2 cups sugar
9 large egg whites
1/2 tsp. salt
1 tsp cream of tartar
3 3/4 cups (7 1/2 sticks) unsalted butter, room temperature and cut into 1-inch cubes
3 tablespoons pure vanilla ( seriously…spring for the good stuff)

In medium heavy saucepan, combine 1 1/2 cups sugar and 6 tablespoons water. Set over low heat and stir until sugar dissolves. Raise heat to high and boil syrup, undisturbed, until candy thermometer registers 246°F, occasionally washing down sugar crystals on side of pan with pastry brush dipped in cold water.
While sugar is boiling, in bowl of electric mixer fitted with whisk attachment, beat egg whites with salt and cream of tartar until they just hold soft peaks. Slowly beat in remaining 1/2 cup sugar, then beat until whites just hold stiff peaks.
Decrease speed to medium. Beat in hot syrup in slow, steady stream (try to avoid beaters and side of bowl), then beat until stiff, glossy peaks form and mixture is completely cool, about 8 to 10 minutes (the bottom of the mixing bowl should be cool to the touch).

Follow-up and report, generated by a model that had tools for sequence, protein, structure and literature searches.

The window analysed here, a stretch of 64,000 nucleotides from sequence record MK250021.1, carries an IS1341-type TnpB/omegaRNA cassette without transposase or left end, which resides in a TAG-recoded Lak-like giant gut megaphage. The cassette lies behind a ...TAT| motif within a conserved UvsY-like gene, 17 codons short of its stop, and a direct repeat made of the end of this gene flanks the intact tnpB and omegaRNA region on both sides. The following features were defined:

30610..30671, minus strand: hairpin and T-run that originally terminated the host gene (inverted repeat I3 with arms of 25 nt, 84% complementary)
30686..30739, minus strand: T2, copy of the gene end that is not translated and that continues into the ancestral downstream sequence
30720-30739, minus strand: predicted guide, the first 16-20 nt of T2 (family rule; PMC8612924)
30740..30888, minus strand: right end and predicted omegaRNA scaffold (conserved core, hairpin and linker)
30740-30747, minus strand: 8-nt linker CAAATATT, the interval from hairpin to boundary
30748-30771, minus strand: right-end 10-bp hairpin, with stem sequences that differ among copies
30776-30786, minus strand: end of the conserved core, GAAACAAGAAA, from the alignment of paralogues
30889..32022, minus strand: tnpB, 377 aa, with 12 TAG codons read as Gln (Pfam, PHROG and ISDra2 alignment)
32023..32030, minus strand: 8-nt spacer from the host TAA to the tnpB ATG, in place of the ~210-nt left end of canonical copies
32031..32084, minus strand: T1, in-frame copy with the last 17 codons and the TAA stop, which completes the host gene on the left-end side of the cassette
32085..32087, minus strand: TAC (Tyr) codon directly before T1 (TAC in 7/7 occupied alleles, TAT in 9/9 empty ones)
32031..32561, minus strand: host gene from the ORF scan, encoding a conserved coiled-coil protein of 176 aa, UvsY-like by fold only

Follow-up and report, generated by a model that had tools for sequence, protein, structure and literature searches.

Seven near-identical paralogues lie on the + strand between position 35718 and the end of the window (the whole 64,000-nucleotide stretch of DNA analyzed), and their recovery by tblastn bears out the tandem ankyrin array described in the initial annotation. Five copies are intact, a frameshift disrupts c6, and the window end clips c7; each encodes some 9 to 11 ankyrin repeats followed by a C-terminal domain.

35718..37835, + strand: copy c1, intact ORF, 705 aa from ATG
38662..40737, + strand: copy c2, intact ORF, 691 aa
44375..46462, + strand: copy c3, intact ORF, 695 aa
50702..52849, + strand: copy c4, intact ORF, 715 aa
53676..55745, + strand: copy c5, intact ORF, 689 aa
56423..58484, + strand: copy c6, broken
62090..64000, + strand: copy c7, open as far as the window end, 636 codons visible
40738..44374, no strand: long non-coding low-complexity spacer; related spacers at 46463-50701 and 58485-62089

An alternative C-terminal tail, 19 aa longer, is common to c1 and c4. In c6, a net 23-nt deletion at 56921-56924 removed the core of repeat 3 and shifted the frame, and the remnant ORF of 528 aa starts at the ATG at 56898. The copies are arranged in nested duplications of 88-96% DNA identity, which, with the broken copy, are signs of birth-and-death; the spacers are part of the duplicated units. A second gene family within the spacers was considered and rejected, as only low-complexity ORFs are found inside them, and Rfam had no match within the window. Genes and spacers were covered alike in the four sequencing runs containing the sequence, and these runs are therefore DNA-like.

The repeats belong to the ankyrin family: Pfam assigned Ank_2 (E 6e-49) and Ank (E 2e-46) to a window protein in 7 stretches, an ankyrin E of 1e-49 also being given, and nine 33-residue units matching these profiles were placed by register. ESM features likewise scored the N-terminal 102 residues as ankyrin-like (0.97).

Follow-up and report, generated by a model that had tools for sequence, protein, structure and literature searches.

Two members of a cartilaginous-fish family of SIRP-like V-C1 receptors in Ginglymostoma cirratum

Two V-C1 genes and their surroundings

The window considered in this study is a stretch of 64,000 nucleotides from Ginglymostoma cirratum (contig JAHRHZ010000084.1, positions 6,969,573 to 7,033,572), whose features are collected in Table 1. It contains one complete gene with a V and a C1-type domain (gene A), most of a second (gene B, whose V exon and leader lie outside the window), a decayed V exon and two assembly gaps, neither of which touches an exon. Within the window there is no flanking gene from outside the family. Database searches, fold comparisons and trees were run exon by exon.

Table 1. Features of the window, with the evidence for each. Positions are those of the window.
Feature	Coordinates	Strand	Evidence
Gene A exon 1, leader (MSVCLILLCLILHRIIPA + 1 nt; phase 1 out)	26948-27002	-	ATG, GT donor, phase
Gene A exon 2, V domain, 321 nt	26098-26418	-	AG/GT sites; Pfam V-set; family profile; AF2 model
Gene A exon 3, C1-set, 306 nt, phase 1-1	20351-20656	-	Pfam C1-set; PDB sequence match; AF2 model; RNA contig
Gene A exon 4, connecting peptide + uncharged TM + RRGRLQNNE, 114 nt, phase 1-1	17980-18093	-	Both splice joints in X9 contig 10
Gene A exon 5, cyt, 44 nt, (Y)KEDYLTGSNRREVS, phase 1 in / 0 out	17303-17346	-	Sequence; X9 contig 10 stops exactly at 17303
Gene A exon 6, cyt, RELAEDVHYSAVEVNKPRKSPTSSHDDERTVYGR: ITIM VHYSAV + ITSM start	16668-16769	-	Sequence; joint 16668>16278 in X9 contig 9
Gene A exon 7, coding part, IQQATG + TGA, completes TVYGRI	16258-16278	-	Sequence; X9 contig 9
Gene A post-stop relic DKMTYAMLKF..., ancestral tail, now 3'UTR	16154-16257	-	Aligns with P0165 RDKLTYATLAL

With mixer on medium, beat in butter, 1 piece at a time, and beat until thickened and smooth. (Mixture will break at first, but, as more butter is beaten in, will thicken and become glossy and smooth.) Beat in vanilla.
Buttercream may be made up to 1 week before serving and chilled in airtight container. If chilled, bring completely to room temperature and beat again before using. Mixture will again appear to break, but will then become glossy and smooth.

If you’re a powdered sugar frosting enthusiast, I recommend, Bronwyn Weber’s recipe. The buttermilk gives you a nice ” European” cultured butter taste.  It was published in the Dallas Morning News, but the link has expired, so I am posting it here for anyone who’s interested.
Ingredients: 1 pound of unsalted butter
2 pounds of 10X powdered sugar
1/4 cup of buttermilk
1.5 tsp good vanilla
1/4 tsp salt

Directions: In a 5 qt mixer using a paddle attachment, soften the butter. Slowly add sifted sugar. Add salt vanilla and buttermilk. You can adjust the consisitency by adding more buttermilk if you prefer a softer icing. This is a good base icing that can be flavored in many ways.Try adding melted ganache for chocolate buttercream! Chopped pecans or crushed strawberries, coconut, lemon zest.a million possibilities!